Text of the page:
North Korea fired what appeared to have been an intermediate range ballistic missile on Thursday but it crashed seconds after the test launch, South Korea's defense ministry said, the second such failure in the run-up to next week's ruling party congress.
Isolated North Korea has conducted a flurry of missile launches, in violation of U.N. resolutions, and tests of military technology ahead of the Workers' Party congress that begins on May 6, and Thursday's launch looks to have been hurried, according to a defense expert in Seoul.
A South Korean defense ministry official told Reuters that the launch at about 6:40 a.m. local time from near the east coast city of Wonsan appeared to have been of a Musudan missile with a range of more than 1,800 miles.
It crashed within seconds, the official said.
"They are in a rush to show anything that is successful, to meet the schedule of a political event, the party congress," said Yang Uk, a senior research fellow at the Korea Defence and Security Forum and a policy adviser to the South Korean navy.
"They need to succeed, but they keep failing. They didn't have enough time to fix or technically modify the system, but just shot them because they were in a hurry," he said.
Thursday's apparent failure marks another setback for the North's young leader Kim Jong Un. A similar missile launched on the April 15 birthday of his grandfather, the country's founder, Kim Il Sung, exploded in what the U.S. Defense Department called a "fiery, catastrophic" failure.
Some experts had predicted that North Korea would wait until it had figured out what went wrong in the previous failed Musudan missile launch before attempting another, a process that could take months and a sign that Thursday's firing was rushed.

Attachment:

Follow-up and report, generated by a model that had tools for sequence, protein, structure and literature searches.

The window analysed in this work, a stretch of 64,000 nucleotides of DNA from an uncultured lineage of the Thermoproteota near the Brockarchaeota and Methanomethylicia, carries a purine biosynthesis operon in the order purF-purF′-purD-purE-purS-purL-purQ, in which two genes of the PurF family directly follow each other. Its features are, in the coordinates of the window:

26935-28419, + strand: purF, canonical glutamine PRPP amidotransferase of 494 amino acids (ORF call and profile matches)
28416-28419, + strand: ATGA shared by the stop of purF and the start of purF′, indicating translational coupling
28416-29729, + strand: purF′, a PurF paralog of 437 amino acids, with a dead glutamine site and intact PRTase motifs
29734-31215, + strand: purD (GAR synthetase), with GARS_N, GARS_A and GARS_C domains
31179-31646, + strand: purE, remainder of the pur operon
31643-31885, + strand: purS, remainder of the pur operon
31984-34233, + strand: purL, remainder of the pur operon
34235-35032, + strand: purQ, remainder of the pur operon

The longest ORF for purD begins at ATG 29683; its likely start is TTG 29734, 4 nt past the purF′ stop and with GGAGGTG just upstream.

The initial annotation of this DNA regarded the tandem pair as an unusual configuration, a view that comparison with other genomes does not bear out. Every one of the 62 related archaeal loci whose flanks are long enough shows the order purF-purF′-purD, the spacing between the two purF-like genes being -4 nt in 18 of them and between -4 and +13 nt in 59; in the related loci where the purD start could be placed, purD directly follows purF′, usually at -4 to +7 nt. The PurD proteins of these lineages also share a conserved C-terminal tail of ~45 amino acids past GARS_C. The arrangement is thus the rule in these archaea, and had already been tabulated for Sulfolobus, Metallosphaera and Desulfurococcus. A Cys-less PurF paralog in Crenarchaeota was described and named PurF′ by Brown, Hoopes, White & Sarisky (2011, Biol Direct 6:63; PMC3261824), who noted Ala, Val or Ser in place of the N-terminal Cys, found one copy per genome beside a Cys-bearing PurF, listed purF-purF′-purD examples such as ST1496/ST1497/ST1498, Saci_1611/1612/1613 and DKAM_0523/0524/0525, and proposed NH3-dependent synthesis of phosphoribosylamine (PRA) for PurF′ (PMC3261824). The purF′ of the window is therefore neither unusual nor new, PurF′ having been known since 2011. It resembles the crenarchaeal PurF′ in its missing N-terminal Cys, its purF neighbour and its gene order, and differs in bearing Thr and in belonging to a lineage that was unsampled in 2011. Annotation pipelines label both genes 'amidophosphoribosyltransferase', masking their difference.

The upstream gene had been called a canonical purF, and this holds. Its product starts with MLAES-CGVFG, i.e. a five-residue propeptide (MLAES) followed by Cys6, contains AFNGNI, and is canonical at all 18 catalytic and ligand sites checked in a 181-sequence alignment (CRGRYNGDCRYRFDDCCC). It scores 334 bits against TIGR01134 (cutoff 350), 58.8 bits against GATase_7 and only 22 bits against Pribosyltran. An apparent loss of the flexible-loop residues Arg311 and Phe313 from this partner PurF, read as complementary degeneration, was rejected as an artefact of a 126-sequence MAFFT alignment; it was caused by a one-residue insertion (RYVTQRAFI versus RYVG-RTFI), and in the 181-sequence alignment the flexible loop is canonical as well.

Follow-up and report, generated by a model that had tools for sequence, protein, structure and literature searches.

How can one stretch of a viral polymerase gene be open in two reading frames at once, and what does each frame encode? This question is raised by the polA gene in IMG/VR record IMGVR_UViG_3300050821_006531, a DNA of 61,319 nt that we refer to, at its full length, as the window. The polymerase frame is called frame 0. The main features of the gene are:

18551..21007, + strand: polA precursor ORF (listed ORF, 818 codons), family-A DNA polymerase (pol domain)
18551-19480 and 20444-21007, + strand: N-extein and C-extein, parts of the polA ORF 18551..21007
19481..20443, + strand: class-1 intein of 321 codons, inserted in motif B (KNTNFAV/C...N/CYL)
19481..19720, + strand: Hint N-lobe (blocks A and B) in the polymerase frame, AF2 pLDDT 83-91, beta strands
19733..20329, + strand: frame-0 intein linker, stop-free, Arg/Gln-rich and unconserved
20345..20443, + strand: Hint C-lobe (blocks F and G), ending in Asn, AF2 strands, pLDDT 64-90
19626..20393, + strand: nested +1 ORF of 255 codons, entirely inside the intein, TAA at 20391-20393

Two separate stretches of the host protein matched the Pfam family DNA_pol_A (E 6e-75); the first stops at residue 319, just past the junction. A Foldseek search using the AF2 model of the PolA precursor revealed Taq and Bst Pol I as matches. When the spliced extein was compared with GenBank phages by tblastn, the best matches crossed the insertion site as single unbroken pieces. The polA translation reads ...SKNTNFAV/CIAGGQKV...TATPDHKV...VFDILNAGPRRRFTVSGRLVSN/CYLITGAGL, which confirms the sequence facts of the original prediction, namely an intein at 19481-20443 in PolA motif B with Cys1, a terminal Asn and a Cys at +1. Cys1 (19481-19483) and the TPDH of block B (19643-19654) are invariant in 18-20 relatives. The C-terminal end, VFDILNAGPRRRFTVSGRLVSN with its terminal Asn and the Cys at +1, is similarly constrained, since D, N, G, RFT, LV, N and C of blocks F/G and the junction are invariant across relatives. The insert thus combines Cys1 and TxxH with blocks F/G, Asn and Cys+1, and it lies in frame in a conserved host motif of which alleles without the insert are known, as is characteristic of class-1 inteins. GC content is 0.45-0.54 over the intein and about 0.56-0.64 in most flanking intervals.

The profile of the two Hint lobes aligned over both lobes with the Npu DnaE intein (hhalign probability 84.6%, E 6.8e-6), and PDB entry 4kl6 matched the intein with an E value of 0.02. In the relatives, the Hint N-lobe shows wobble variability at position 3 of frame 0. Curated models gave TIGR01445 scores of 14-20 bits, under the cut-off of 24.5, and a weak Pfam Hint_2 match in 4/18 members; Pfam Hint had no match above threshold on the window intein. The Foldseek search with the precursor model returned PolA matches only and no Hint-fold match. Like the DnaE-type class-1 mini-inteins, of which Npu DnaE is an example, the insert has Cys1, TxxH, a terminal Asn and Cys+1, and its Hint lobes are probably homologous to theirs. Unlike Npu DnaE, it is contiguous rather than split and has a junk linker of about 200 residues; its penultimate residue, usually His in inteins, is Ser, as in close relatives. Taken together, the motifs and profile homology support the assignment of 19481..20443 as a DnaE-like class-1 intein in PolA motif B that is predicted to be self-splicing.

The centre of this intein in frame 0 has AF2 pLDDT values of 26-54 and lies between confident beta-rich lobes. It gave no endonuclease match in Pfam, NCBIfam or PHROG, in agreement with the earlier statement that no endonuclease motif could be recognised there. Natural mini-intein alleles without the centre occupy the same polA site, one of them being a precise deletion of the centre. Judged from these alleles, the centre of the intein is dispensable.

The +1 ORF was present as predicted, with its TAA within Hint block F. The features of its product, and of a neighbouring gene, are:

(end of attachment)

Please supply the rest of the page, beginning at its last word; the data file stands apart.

However, South Korea's Yonhap news agency had reported on Tuesday that the North appeared to be preparing the second launch of a Musudan, which theoretically has the range to reach any part of Japan and the U.S. territory of Guam. According to South Korea, the missile has never been successfully flight-tested.
North Korea lists South Korea, the United States and Japan as its main enemies.
South Korea also says the North is ready to conduct a nuclear test at any time. It would be its fifth nuclear test.
"Signs for an imminent fifth nuclear test are being detected ahead of North Korea's seventh Party Congress," President Park Geun-hye said at a national security meeting on Thursday.
The defense ministry official, who declined to be identified by name, said South Korean and U.S. officials were analyzing the cause of Thursday's missile crash, declining to comment on why news of the launch was revealed several hours after it took place.
Yonhap said the fired missile was not detected by South Korean military radar because it did not fly above a few hundred meters, and was spotted by a U.S. satellite.
The South Korean defense ministry told Reuters it could not confirm that report.
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North Korea's missile tests are in defiance of United Nations Security Council sanctions against the country, which were strengthened following a January nuclear test and a space rocket launch the following month.
On Saturday, North Korea tested a submarine-launched ballistic missile, which traveled about 18 milesoff its east coast.